Struggle at Pomigliano brings out need for workers’ party
Following the big waves of immigration from the south of Italy to Turin in search of work in the 1950s and 1960s, FIAT Cars – the biggest private company in Italy – realised that it would be profitable to set up its own factories directly in the south. Pomigliano d’Arco, near Naples, was one of a series of plants, the last being Melfi in the 1990s, which in an historic agreement meant that the Turin-based company could take advantage of the southern labour force.
When the company then moved production to Eastern Europe and South America it was in search of cheap labour and new markets for its cars. In fact, FIAT plants have existed in Poland since the 1920s, but it was in the last years of ‘real socialism’ that the Agnellis (the owners of FIAT) began to work with the ‘communist’ government to mass produce cars.
For a period it seemed that the powerful Agnelli family was about to hive off its car production in order to invest in more profitable sectors (the energy sector, for example). But with the arrival of Sergio Marchionne as chief executive in 2004 came the message that the auto sector would remain the group’s core business. The partnership agreement with Chrysler last year was presented as clear proof of that.
During the failed talks with Opel, rumours abounded that two Italian plants were going to close, but Marchionne guaranteed that the company would continue to invest in Italy too. The announcement that production of the Panda car was to be transferred from Poland to Pomigliano, with 700 million euros worth of investment, seemed to underline this promise and partially compensate for the announced closure of another factory in the south, Termini Imerese (Sicily).
A few years ago, Marchionne was presenting himself in the media as a manager prepared to go against the stream, determined to save jobs and even praised by Fausto Bertinotti (former leader of Rifondazione Comunista) saying “We need a Marchionne in Italian politics”. Now, Marchionne is demanding a heavy price in exchange for investing in Pomigliano: not only increased exploitation (18 weekly shifts, a reduction in breaks, compulsory overtime), but challenging the most elementary democratic rights that Italian workers have won since the 1960s. FIAT is demanding significant restrictions on the right to strike, with the possibility of fines for unions which do not comply with these conditions and even sacking workers who take strike action. In addition, it will be possible to not pay sick pay to all workers if the level of ‘absenteeism’ goes above a certain threshold.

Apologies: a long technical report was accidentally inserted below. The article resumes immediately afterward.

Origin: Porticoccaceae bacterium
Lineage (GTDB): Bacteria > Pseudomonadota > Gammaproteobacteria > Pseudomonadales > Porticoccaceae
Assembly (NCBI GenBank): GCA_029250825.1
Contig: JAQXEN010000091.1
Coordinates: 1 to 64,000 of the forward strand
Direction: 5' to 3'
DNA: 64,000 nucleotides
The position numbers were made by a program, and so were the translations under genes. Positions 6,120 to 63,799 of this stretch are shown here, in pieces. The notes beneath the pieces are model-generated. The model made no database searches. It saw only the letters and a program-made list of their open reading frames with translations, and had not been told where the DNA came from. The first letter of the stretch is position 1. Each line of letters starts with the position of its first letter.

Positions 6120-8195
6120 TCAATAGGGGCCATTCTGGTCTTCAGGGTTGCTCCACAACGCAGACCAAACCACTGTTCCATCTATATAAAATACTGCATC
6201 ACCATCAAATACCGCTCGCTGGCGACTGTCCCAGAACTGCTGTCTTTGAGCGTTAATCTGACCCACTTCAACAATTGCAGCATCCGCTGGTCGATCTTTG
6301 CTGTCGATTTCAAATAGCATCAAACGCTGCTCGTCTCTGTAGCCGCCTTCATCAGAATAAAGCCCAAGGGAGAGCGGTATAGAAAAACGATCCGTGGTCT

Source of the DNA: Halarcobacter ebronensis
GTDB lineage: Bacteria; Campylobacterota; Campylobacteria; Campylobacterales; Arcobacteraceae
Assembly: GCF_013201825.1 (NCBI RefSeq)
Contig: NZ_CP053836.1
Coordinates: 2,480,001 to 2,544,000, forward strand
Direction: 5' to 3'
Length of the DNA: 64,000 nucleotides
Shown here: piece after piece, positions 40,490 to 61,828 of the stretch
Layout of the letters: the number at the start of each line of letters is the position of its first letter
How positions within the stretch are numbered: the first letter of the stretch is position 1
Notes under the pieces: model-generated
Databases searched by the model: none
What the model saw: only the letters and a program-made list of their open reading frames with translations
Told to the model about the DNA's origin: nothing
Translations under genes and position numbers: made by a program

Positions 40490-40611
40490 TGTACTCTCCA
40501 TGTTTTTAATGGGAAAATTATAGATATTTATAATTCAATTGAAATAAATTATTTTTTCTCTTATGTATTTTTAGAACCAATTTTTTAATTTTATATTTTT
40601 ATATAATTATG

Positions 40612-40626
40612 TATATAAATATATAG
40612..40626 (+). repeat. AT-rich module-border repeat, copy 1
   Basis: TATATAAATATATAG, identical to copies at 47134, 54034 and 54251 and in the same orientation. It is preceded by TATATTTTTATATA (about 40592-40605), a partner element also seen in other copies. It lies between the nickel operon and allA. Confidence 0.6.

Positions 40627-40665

Marchionne went into negotiations clearly saying that there was no room for changes to the proposals: either the trade unions signed up to them or there would be no investment, the Panda would stay in Poland and around 10,000 workers directly and indirectly employed by FIAT would lose their jobs. All the unions criticised the company’s stance but, once more, only the FIOM (metalworking section of the CGIL union) was prepared to fight. It said it was prepared to negotiate on shift changes and how work was organised in the factory (putting forward counter-proposals) but that as far as union rights are concerned, national laws and contracts must be respected. And so, when the other unions signed the ‘umpteenth’ separate agreement with management and, together with the company, launched a referendum amongst the workers, FIOM, which has the most members in the factory, announced that it would not take part. They said that the workers would be voting with a gun held to their heads and that constitutional rights of workers cannot be subject to a referendum. (The Italian constitution recognises an individual’s right to strike). However, because workers were facing so much pressure from management, FIOM decided not to boycott the referendum.
The national CGIL leadership took an ambiguous position. On the one hand they did not dare to directly oppose the FIOM, but on the other, the federation’s general secretary, Epifani, said that the FIOM should have consulted with the CGIL leadership before taking a decision, that the referendum was a democratic fact and that the workers would overwhelmingly vote ‘yes’.
Just before the vote, one TV journalist speculated that if the ‘yes’ vote was higher than 85% (which nearly everyone was expecting) the FIOM would be defeated. But in the end only 62% of the workers voted in favour of the agreement in the referendum.
What happened at Pomigliano shows that the idea that, when workers are confronted with a stronger adversary they must accept everything because they are ‘weak’, is just an excuse to mask the union leaders’ own complicity and subordination. In recent years, the FIOM has built up its own identity and strength as a consequence of its ability to clearly say ‘no’, when to have said ‘yes’ would have meant not defending its own members. At Pomigliano, FIOM represents 17% of the workforce, but 36% said ‘no’ to Marchionne in the referendum.